Editor’s note: This article is the first in a two-part series examining tensions over whether the Nolichucky River in Mitchell and Yancey counties should receive federal Wild and Scenic Designation.
A multiyear effort to protect an iconic stretch of the Nolichucky River from the possibility of a future dam has hit a snag.
Despite widespread support, the proposal to add 7 miles of river, including a portion in Mitchell and Yancey counties, to the National Wild and Scenic Rivers System lacks consensus among local residents.
The Wild and Scenic Rivers Act, passed in 1968, protects rivers with remarkable characteristics, such as scenic or recreational value, and prevents the construction of dams or other projects that disrupt the free flow of these rivers.
According to Kevin Colburn, national stewardship director of American Whitewater, the law prevents changes that impact the river, while protecting local user values without limiting use.
“It’s a marquee river,” Colburn said. “My hope is to set aside a few of the last best rivers in the Southeast, and I feel like the Nolichucky is at the top of the list. It doesn’t get any better.
“Whitewater rivers have been severely impacted by dams, and there are few free-flowing rivers left as grand as the Nolichucky. It’s a special place.”
The remote river gorge one hour from Asheville is popular among hunters, hikers and anglers, as well as a whitewater paddling destination. The 115-mile river is one among a handful of major waterways in the Southeast whose flow is unrestricted.
While Congress creates the legislation to add each river to the National Wild and Scenic Rivers System, in practice, power is consolidated among local residents and a handful of elected officials who decide whether to lend their support.
Following several years of advocacy in January 2020, Colburn and others advocating for the river’s protection achieved a tough sell in Western North Carolina with county government support for federal land designation.
But just as soon as it was within their grasp, that support vanished.
In February 2020, the proposal became “toxic” due to an argument in opposition that Colburn says is false. He recently contacted local governments encouraging them to reconsider, but he’s worried that it may now be too late to act.
“The designation was positive, popular and a universally good thing,” Colburn said. “But the counties are the decision makers and ultimately decide on the future of this river.”
This is the Nolichucky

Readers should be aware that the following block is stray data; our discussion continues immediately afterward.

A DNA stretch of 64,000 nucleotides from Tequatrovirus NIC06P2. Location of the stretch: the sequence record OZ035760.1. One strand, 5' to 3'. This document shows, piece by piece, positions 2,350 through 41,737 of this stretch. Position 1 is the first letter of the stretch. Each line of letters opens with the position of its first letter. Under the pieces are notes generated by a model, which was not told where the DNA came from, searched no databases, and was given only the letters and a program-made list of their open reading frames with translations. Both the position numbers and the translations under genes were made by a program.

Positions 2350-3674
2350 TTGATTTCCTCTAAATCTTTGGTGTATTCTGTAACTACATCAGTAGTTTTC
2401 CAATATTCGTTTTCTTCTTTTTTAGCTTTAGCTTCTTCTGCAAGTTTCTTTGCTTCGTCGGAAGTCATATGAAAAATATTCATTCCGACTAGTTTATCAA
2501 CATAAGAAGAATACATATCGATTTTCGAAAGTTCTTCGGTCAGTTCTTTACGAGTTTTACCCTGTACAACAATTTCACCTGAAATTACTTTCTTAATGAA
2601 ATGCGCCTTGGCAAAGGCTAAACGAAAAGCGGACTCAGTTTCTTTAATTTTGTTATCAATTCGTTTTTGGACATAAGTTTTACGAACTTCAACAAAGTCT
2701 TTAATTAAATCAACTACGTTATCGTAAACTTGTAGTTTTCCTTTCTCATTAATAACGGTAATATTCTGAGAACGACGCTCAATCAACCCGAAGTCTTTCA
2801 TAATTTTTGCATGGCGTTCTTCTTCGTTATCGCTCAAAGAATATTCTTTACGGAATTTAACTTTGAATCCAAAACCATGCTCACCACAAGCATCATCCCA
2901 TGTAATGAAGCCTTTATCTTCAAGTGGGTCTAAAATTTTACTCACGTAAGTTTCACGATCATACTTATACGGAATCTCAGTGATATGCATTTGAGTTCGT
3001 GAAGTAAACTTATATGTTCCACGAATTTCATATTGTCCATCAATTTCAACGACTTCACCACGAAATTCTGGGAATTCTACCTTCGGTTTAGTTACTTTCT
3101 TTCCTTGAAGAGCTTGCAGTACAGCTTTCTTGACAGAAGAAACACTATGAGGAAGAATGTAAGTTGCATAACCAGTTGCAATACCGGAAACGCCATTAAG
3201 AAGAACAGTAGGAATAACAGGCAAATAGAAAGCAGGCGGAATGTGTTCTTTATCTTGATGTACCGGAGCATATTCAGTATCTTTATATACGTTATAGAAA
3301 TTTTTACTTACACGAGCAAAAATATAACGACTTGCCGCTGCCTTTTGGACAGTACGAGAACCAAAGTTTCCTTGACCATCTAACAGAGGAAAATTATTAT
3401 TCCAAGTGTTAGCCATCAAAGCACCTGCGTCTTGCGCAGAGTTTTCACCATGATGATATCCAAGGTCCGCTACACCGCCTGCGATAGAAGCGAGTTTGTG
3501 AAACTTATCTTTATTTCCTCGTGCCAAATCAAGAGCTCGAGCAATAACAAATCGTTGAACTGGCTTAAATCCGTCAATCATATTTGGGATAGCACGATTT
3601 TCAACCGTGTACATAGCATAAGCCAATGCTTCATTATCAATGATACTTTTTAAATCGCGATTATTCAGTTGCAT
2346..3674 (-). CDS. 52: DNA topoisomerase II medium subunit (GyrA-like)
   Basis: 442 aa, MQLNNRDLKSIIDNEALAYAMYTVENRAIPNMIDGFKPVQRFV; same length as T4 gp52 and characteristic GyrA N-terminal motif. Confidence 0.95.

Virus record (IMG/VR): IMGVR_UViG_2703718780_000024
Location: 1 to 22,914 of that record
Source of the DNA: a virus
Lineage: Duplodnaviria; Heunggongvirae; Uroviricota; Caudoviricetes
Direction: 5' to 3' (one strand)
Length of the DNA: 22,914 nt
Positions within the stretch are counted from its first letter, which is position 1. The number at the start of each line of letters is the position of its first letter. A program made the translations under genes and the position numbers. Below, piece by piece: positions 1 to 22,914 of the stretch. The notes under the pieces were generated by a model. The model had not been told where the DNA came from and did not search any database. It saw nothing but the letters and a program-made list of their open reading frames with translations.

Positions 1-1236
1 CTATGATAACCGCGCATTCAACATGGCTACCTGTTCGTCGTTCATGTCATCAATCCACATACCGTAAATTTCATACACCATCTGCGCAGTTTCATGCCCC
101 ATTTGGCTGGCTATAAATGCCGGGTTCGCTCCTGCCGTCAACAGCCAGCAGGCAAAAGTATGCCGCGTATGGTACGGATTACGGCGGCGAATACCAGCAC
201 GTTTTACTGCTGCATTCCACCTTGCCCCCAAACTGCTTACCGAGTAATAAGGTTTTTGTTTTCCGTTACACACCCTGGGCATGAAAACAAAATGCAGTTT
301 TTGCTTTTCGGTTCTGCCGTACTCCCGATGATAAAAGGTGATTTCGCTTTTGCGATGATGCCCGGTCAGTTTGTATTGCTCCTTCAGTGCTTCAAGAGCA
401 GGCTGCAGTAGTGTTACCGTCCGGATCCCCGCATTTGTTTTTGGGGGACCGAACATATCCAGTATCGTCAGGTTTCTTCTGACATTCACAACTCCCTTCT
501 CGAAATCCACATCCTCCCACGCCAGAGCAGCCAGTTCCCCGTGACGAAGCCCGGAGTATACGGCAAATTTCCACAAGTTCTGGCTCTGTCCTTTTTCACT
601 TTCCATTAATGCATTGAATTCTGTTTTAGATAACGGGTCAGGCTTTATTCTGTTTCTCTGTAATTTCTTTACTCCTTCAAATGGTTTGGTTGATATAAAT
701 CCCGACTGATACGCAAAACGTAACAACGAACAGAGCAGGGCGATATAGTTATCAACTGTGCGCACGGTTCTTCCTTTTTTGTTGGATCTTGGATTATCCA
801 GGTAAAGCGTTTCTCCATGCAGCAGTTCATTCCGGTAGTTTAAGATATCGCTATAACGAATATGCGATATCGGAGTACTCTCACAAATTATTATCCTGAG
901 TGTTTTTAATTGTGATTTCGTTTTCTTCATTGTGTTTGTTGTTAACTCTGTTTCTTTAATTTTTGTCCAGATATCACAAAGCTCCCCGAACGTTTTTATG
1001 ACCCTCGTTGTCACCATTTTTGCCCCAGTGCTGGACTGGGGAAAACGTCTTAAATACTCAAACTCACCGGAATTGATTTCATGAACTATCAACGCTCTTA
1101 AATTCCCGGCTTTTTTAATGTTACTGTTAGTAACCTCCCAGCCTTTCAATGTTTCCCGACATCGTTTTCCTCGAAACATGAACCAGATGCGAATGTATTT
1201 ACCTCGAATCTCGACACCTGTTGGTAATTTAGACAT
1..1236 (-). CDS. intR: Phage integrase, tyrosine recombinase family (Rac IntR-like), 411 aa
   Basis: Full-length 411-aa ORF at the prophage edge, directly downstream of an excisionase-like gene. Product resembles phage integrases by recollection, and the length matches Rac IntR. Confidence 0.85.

In 2017, Curtis English, a rafting company manager, started a petition to designate the Nolichucky River as Wild and Scenic. Still active, the petition has more than 21,000 signatures.
The petition states that the river has remarkable scenic, recreational, geological and ecological values and that designation will “invigorate local economies through increased tourism.”
Among the advocates was the Unicoi County, Tenn., economic development community that includes the commercial whitewater industry, which has a meaningful presence on the Tennessee side of the river.
According to a study conducted by Asheville-based Equinox Environmental, the Nolichucky could add nearly $5 million to the region’s outdoor recreation economy.
A citizens draft proposed designating 7.2 miles of the Nolichucky, 6 miles of which is within the state of North Carolina and forms the Yancey-Mitchell county line.
The proposed area stretches from Poplar, an unincorporated community in Mitchell County, to Unaka Springs, Tenn. It includes a roughly 0.25-mile corridor on each side of the river.
All of the land within the proposal is already owned by the federal government and resides within Pisgah National Forest in North Carolina and Cherokee National Forest in Tennessee.
If protected, the section would add to the 144.5 miles along five rivers within the National Wild and Scenic Rivers System in North Carolina.
In 1980, the National Park Service conducted a Wild and Scenic study of the entire length of the Nolichucky River. The study did not recommend protection.
In 1994, the U.S. Forest Service conducted a Wild and Scenic study and completed an environmental impact statement of the remote 7.2-mile section within the river’s gorge. The study concluded the section to be suitable for designation because of its “outstanding and remarkable geologic, scenic and recreational values.”
The federally mandated management plans for national forests also include rivers and streams that are “suitable” for inclusion in the Wild and Scenic system. The Forest Service may recommend rivers, but only Congress can designate them for inclusion in the system.
Eligible rivers within a national forest, however, must be managed to protect their free-flowing status and their “outstandingly remarkable value.”
Colburn anticipates that the future Pisgah and Nantahala National Forest Management Plan, currently in its final stages of development, will continue to include the Nolichucky as suitable and eligible for designation.
Following the circulation of the petition in 2017, Colburn attempted to consolidate enthusiasm for the designation into a singular effort and vision.
At the time, Colburn was seeking collaborative support for Wild and Scenic suitability for the Nolichucky and other Western North Carolina rivers as part of the Pisgah and Nantahala National Forest Management Plan revision process, expected to be finalized this year.
“There are 6,000 miles of Wild and Scenic rivers in Congress right now,” Colburn said. “There’s a lot of movement and bipartisan enthusiasm around the Wild and Scenic (designation). I felt like it was a great time to have this idea be introduced.” He added that protecting rivers often has bipartisan support in Congress.
Typically, however, designation follows a campaign to build community support and backing from local governments. It’s customary, Colburn said, that members of Congress require approval from local governments before initiating legislation.
Colburn said the designation effort was community-driven with significant support from regional recreation enthusiasts, businesses and economic development professionals.
American Whitewater has led several Wild and Scenic River support campaigns across the nation and provides technical support to develop proposals.